The Role of Information in the Challenger Disaster
The world was saddened by the Challenger disaster in 1986. Just 73 seconds into the flight the shuttle exploded, instantly killing the seven astronauts on board-including Christa McAulliffe, the first teacher to be launched into space. In the aftermath of the tragedy, much effort was expended in determining the specific causes and NASA sought to determine what could have prevented this catastrophe. Surprisingly, the process of communicating information was found to play a large role in the tragic events that day.
Review the information about this accident in the “Visual and Statistical Thinking: Displays of Evidence for Making Decisions” pamphlet listed in this week’s Resources.
Now answer the following:
- Review the “7 deadly sins” outlined in the Hammer (2007) article and the information about the shuttle disaster contained in “The Decision to Launch the Space Shuttle Challenger”, both in this week’s Resources.
- Analyze the events surrounding the Challenger launch through the lens of the “7 deadly sins.” Which of these “sins” do you see as contributing to the events surrounding the disaster? In what ways?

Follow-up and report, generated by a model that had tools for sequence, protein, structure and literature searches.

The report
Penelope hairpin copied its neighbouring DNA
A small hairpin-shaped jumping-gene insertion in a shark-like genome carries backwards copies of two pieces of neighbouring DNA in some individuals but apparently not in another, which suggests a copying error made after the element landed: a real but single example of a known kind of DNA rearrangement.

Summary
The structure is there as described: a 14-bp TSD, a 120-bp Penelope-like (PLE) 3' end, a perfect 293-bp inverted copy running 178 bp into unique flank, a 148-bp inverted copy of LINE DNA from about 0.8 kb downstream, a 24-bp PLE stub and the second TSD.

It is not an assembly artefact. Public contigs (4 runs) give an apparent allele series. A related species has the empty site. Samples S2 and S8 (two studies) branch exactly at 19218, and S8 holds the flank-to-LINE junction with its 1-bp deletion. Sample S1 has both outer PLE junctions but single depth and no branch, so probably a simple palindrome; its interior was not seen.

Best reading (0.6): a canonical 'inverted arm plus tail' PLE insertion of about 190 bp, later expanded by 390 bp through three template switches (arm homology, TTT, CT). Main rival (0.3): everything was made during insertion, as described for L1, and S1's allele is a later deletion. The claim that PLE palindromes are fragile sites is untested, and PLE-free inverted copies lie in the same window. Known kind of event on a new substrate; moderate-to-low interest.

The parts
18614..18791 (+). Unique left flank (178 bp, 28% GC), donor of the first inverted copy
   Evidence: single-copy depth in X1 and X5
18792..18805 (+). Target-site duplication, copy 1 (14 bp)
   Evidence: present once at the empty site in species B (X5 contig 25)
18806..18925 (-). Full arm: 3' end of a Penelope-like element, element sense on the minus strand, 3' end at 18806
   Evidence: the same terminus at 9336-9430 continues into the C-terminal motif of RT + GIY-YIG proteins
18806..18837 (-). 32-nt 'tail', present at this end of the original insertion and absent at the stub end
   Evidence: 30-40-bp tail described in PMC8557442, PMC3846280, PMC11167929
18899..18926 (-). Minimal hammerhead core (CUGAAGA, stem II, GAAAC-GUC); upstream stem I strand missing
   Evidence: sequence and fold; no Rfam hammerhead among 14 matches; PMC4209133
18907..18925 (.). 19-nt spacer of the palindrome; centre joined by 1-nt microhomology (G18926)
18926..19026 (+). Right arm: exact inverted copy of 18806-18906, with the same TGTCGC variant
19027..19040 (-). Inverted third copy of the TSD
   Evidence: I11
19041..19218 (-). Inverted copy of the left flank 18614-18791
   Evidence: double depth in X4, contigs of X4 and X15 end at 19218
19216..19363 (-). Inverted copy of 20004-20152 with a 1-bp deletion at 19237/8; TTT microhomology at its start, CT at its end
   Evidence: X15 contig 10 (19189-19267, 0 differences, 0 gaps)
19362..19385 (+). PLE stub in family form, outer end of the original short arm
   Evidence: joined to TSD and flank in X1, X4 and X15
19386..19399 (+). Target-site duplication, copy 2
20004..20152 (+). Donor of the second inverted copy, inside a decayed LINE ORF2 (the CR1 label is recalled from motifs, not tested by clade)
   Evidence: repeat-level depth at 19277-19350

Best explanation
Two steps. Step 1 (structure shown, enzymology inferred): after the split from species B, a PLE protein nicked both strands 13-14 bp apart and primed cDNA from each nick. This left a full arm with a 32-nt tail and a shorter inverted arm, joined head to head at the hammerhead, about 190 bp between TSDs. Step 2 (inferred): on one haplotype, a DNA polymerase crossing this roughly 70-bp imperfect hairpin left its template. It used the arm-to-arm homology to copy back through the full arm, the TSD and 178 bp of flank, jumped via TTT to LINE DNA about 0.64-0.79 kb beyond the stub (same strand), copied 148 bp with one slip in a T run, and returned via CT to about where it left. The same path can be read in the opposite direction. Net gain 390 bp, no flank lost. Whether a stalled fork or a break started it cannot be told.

Few, S. (2005). Bad graphs: The stealth virus. DM Review, 15(1), 14–15.
Retrieved from the Computers & Applied Sciences Complete database.
Hammer, M., Haney, C. J., Wester, A., Ciccone, R., & Gaffney, P. (2007). The 7 deadly sins of performance measurement and how to avoid them. MIT Sloan Management Review (Cambridge), 48(3), 19–28.
Hillmer, S., & Kocabasoglu, C. (2008). Using qualitative data to learn about customer needs: Understanding employer desires when designing an MBA program. The Quality Management Journal, 15(2), 51–63.
Retrieved from the ProQuest Central database.
Tufte, E. R. (2008). Visual and statistical thinking: Displays of evidence for making decisions (4th Printing). Cheshire, CT: Graphics Press LLC.
“The Decision to Launch the Space Shuttle Challenger”, pp. 17–31
Few, S. (2006). Visual communication: Core design principles for displaying quantitative information. Cognos Innovative Center for Information Management. Retrieved from
Few, S. (2012). Show me the number: Designing tables and graphs to enlighten. Oakland, CA: Analytics Press.